The question of security

Published : Jul 08, 2000 00:00 IST

A political process like the grant of autonomy would do little to terminate violence as the terrorist groups draw much of their cadre from the narrow segment of Jammu and Kashmir that opposes the State's accession to India.


AKINGAM, on the road to Verinag, is best known for its folk performers, inheritors of an ancient tradition of singing at Sufi shrines. This artistic temperament has been suppressed by far-Right fiat - one bomb went off on June 17 at the Inayatullah Sahib Ziarat in nearby Kapran. Srinagar residents spend their time discussing whether or not autonomy is an acceptable alternative to azaadi (freedom). Akingam residents talk about paddyfields. They irrigate the fields late at night as that is when ele ctricity is available for pumpsets. Those working in the fields near Army outposts are sometimes beaten up; some in other areas have been shot at. Not surprising, for the sentries on night duty have reason to be nervous.

But it is strange that no one in power - not one of the massed ranks of legislators, parliamentarians and bureaucrats gathered to discuss autonomy - has seen reason to solve the problem. It is not that rural Kashmir is hostile to autonomy or unconcerned about it: the issue simply is not on top of the agenda. With good reason. Although the region is a major producer of fruits, there is not a single cold storage plant to store the harvest, or cooperative to market it. Businessmen from Ludhiana, Amritsar a nd New Delhi thus control the market. Chief Minister Farooq Abdullah frequently complains that his plans for a software technology park in Srinagar is treated with disdain. What is really surprising is that the State does not have any plans to build plan ts to process fruits, a relatively low-cost enterprise that has been demonstrated in Himachal Pradesh to have enormous impacts on the economy. Since State employment has been frozen, programmes for rural change could relieve pressure on rural households. But initiatives like introducing technology for a second crop are not discussed at all.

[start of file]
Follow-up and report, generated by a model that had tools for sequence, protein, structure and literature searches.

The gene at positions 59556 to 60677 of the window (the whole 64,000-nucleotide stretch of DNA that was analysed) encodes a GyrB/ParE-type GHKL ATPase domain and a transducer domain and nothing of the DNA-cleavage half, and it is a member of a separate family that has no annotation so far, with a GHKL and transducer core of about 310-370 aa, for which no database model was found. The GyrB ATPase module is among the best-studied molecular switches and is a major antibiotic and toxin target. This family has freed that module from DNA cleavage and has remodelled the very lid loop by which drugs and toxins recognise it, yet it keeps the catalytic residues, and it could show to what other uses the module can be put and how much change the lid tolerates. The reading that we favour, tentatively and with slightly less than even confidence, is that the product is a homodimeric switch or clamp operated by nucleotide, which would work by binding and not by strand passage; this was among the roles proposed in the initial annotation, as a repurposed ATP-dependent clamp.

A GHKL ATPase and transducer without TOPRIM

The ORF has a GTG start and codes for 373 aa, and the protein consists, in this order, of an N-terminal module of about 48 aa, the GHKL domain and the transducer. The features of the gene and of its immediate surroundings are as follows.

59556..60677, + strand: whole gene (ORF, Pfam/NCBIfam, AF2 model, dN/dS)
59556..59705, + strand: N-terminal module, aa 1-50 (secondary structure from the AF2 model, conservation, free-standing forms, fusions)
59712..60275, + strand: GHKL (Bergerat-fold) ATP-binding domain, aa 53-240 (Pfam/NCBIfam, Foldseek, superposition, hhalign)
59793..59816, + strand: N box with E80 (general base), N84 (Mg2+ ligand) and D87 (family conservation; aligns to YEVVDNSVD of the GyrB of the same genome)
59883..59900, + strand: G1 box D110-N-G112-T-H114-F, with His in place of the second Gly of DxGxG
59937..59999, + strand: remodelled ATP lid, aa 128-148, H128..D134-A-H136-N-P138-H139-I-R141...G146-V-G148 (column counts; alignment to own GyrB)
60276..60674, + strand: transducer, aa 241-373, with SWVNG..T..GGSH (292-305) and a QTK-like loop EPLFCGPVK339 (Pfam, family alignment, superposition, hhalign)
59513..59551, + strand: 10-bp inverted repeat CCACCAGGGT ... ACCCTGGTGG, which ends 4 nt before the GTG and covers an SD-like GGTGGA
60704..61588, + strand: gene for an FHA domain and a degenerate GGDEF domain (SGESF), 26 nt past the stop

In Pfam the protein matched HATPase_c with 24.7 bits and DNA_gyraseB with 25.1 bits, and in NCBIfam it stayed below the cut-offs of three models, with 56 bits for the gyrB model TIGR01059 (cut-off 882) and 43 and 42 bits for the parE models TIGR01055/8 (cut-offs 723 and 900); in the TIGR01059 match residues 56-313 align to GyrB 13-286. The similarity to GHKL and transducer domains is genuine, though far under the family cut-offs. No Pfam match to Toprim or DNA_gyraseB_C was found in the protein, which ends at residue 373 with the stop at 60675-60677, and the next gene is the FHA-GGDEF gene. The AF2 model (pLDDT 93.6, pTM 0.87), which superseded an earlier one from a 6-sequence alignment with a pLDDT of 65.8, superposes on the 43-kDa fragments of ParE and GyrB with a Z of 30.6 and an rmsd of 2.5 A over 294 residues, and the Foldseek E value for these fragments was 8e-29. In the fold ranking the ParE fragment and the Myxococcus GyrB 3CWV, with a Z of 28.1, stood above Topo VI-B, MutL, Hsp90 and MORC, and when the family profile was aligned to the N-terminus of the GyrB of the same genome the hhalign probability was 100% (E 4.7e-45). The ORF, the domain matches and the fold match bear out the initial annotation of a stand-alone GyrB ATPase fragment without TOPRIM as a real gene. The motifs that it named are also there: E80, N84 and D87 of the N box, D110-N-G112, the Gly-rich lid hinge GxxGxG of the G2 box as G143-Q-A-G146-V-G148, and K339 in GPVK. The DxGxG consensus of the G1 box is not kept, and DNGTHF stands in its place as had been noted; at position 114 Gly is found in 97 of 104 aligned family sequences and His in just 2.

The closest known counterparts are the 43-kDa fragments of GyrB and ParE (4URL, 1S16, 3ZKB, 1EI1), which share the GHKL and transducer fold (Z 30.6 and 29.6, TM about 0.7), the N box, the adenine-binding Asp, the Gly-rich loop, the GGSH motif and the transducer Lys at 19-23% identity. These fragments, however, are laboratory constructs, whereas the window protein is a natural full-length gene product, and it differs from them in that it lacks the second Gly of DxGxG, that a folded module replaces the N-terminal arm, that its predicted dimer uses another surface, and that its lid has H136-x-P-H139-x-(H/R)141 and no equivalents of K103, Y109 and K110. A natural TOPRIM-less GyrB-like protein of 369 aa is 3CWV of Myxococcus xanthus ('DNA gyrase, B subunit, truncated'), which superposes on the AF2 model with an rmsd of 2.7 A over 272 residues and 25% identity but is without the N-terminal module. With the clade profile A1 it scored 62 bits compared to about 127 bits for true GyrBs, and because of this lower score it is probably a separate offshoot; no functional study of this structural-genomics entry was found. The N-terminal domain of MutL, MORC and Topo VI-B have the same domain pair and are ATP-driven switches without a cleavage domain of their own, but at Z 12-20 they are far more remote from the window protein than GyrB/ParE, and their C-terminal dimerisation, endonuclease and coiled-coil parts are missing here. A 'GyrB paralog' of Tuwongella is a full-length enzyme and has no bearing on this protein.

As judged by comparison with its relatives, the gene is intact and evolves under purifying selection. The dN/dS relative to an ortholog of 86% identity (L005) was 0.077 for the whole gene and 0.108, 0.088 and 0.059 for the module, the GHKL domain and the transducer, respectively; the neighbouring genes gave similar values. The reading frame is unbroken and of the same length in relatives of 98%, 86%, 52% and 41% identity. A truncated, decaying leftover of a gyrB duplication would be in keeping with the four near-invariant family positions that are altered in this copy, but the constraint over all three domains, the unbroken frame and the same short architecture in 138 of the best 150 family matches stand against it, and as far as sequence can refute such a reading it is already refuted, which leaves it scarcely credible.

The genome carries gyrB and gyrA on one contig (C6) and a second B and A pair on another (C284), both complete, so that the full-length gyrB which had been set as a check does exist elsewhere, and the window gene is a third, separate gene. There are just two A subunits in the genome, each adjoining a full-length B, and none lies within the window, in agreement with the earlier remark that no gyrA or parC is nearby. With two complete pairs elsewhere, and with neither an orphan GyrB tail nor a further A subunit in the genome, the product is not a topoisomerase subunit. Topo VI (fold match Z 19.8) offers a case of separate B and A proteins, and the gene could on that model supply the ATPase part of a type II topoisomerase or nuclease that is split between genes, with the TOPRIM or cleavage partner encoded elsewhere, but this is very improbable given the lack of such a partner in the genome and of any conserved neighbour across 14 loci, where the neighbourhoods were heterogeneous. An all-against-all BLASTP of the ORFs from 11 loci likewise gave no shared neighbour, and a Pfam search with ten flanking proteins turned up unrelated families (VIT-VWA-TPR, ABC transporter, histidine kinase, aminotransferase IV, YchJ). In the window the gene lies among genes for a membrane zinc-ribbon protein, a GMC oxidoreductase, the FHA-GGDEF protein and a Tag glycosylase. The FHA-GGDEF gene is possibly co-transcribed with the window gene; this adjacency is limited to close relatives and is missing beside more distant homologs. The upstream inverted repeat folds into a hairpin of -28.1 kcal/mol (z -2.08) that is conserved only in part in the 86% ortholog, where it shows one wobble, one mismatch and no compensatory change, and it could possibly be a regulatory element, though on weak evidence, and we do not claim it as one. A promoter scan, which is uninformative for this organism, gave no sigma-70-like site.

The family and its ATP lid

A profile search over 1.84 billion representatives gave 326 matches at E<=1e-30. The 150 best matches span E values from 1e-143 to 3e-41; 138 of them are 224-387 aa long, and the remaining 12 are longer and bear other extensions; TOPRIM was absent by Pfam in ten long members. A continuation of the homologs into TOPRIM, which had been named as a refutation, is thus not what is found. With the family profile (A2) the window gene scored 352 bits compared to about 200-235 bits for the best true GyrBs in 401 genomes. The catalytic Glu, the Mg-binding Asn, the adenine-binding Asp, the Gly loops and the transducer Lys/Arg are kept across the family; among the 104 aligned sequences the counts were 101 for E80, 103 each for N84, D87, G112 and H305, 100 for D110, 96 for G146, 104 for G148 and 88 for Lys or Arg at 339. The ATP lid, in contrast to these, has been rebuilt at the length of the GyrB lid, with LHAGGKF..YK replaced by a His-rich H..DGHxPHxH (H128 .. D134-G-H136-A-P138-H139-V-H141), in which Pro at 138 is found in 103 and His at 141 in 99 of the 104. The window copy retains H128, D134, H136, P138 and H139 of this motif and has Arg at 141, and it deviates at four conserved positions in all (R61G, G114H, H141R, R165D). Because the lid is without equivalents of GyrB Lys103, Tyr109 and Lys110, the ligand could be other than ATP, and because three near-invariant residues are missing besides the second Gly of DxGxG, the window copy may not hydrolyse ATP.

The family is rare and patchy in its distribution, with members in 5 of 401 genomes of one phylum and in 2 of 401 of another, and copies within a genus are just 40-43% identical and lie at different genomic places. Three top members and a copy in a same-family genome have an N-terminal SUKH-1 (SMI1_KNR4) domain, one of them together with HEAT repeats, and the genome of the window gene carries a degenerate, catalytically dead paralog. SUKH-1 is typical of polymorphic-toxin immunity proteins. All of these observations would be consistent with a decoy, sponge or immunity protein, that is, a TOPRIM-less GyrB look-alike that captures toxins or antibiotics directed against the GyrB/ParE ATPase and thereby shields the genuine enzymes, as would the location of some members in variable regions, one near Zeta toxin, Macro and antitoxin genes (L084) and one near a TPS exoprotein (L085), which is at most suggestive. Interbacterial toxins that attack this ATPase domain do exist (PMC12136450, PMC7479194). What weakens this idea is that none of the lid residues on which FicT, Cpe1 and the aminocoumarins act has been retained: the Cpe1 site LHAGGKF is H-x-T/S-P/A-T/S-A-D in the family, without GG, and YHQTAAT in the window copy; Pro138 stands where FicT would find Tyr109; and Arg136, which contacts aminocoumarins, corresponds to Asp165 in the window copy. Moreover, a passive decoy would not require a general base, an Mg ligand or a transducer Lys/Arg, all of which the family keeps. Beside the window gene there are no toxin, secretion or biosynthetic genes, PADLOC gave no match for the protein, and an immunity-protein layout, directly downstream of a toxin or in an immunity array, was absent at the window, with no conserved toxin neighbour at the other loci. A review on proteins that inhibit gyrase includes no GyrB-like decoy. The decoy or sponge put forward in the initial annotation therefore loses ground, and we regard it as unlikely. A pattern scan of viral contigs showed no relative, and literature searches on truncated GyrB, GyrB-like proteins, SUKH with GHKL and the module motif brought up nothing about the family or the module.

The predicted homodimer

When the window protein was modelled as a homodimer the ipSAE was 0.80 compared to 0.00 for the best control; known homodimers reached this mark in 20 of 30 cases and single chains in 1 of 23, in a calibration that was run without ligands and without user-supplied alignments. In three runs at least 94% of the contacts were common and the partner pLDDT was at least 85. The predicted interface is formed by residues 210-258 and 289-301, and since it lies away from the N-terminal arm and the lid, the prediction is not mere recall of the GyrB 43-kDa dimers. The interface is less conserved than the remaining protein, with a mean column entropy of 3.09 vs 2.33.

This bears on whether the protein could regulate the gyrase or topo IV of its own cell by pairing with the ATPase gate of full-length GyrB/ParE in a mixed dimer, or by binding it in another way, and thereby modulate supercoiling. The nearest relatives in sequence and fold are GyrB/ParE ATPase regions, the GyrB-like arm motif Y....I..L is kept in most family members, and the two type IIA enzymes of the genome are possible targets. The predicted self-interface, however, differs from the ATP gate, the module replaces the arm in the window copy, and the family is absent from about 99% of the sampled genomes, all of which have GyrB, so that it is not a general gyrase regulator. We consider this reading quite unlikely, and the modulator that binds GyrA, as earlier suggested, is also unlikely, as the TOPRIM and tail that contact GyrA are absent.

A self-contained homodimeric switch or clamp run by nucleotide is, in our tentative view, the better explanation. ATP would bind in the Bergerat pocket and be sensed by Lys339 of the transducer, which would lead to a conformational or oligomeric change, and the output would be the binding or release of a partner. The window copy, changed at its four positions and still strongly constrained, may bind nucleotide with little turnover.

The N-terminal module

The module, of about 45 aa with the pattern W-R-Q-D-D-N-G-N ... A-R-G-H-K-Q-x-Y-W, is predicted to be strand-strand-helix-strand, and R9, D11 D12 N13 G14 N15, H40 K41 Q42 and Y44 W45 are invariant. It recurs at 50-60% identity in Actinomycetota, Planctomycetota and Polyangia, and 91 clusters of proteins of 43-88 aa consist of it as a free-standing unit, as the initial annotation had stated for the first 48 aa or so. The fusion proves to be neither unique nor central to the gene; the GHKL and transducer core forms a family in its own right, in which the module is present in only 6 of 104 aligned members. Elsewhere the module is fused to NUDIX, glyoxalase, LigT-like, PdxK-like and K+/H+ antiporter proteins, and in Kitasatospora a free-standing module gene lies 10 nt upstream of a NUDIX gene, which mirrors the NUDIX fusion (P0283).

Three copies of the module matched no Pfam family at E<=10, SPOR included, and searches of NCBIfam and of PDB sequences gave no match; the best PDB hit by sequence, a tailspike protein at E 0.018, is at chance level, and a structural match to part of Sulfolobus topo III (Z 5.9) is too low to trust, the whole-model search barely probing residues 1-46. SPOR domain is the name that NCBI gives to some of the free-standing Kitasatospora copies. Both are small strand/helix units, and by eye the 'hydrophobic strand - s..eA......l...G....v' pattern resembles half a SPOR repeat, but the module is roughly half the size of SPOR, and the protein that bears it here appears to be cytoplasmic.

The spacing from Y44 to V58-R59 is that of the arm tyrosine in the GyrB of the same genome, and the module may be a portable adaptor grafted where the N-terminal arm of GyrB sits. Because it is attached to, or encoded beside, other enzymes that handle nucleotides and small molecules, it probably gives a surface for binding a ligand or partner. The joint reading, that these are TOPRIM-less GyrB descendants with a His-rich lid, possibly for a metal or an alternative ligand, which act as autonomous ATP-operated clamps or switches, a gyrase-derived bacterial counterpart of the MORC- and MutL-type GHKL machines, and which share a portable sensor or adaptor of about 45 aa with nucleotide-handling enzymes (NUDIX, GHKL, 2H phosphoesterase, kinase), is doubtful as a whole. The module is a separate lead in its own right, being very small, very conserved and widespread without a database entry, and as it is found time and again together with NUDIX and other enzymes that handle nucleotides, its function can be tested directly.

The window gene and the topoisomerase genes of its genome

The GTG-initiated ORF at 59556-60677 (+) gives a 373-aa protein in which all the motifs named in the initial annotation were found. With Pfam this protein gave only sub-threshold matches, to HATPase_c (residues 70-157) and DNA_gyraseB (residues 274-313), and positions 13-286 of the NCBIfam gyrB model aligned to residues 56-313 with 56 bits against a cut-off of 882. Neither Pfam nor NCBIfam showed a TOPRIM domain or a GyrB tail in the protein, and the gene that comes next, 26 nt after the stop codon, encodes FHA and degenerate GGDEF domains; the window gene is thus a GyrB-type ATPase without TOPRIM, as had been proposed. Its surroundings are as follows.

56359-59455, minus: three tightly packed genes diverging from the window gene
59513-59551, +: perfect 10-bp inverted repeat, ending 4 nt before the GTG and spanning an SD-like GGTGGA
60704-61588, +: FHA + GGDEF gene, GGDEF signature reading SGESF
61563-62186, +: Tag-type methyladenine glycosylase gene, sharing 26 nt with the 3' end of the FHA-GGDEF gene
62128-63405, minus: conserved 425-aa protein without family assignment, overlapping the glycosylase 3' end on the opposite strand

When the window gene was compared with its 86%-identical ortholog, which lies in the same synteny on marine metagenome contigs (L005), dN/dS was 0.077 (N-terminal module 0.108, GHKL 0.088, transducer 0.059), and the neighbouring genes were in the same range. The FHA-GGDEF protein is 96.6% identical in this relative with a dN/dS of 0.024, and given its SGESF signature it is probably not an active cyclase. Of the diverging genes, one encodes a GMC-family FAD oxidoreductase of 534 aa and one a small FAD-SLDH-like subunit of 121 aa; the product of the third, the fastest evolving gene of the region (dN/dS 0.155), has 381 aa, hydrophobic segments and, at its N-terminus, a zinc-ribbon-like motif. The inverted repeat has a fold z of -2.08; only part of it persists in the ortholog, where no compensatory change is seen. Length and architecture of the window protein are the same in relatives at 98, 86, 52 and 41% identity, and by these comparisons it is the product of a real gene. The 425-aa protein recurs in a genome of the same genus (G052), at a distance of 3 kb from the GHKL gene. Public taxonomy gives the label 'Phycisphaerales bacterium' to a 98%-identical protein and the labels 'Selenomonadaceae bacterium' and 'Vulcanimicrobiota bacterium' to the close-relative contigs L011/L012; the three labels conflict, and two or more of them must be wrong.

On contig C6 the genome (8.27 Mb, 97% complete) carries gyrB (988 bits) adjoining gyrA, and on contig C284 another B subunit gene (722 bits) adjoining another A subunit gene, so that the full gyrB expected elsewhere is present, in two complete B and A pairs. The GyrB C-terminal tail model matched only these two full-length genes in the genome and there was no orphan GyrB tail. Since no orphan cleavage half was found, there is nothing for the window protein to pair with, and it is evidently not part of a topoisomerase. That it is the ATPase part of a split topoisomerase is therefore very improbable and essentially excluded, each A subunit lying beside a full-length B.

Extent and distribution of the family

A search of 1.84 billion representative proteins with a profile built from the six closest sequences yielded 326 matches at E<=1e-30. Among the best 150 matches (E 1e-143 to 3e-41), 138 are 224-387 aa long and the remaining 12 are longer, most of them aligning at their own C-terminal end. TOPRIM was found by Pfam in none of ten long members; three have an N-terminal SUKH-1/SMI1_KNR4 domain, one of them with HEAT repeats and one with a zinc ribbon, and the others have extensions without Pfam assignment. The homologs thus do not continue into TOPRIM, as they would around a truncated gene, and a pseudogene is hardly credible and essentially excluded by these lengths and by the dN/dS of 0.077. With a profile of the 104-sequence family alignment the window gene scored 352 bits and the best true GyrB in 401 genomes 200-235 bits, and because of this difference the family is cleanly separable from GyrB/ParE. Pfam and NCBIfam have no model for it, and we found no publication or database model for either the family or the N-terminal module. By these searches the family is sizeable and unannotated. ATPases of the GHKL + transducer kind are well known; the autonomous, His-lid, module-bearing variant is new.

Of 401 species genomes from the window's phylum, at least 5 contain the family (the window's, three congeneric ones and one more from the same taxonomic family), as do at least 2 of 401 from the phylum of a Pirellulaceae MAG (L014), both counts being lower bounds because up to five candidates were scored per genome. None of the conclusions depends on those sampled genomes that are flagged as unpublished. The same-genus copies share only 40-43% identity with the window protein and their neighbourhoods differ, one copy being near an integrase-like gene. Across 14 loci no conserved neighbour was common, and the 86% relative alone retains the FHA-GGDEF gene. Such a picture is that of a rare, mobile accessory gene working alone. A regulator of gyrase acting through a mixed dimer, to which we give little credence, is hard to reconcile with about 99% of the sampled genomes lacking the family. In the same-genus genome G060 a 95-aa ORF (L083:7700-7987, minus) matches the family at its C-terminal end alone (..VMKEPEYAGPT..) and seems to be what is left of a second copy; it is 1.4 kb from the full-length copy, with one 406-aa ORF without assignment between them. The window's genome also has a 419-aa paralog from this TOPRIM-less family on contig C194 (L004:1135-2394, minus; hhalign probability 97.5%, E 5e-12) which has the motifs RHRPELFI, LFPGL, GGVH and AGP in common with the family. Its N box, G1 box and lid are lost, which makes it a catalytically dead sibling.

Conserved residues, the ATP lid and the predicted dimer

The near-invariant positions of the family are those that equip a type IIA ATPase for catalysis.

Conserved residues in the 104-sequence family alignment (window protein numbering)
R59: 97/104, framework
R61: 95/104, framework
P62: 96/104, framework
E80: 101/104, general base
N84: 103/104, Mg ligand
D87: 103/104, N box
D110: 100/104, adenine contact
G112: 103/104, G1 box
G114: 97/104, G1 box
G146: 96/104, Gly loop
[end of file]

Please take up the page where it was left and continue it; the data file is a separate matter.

Perhaps unsurprisingly, most people in Akingam are not particularly impressed with the raging debate in Srinagar. "It'll be good if something happens," says Ghulam Hassan, "but, personally, I think this whole thing is a big drama." "I'm an actor," he add s wryly, "I ought to know."

Funnily enough, the men on the other side of the barbed wire fences seem to agree. Proponents of autonomy have argued that constitutional concessions will reduce the levels of public support for terrorism. Abdullah has repeatedly asserted that the wideni ng of the State's autonomy is the sole option available to avert secession. Senior members of the Bharatiya Janata Party (BJP)-led National Democratic Front (NDA) government have much the same to say, although only in private. The Union government's nasc ent dialogue with the All Party Hurriyat Conference (APHC) and moves towards autonomy, they say, are mirrored by the United States' pressure on Pakistan to restrain terrorist groups operating from its soil. Late in May, U.S. Under Secretary of State Thom as Pickering said in Islamabad that reductions in levels of violence were imperative to facilitate an India-Pakistan dialogue on Kashmir. Some observers say that pronouncement is beginning to reflect itself in reduced infiltration.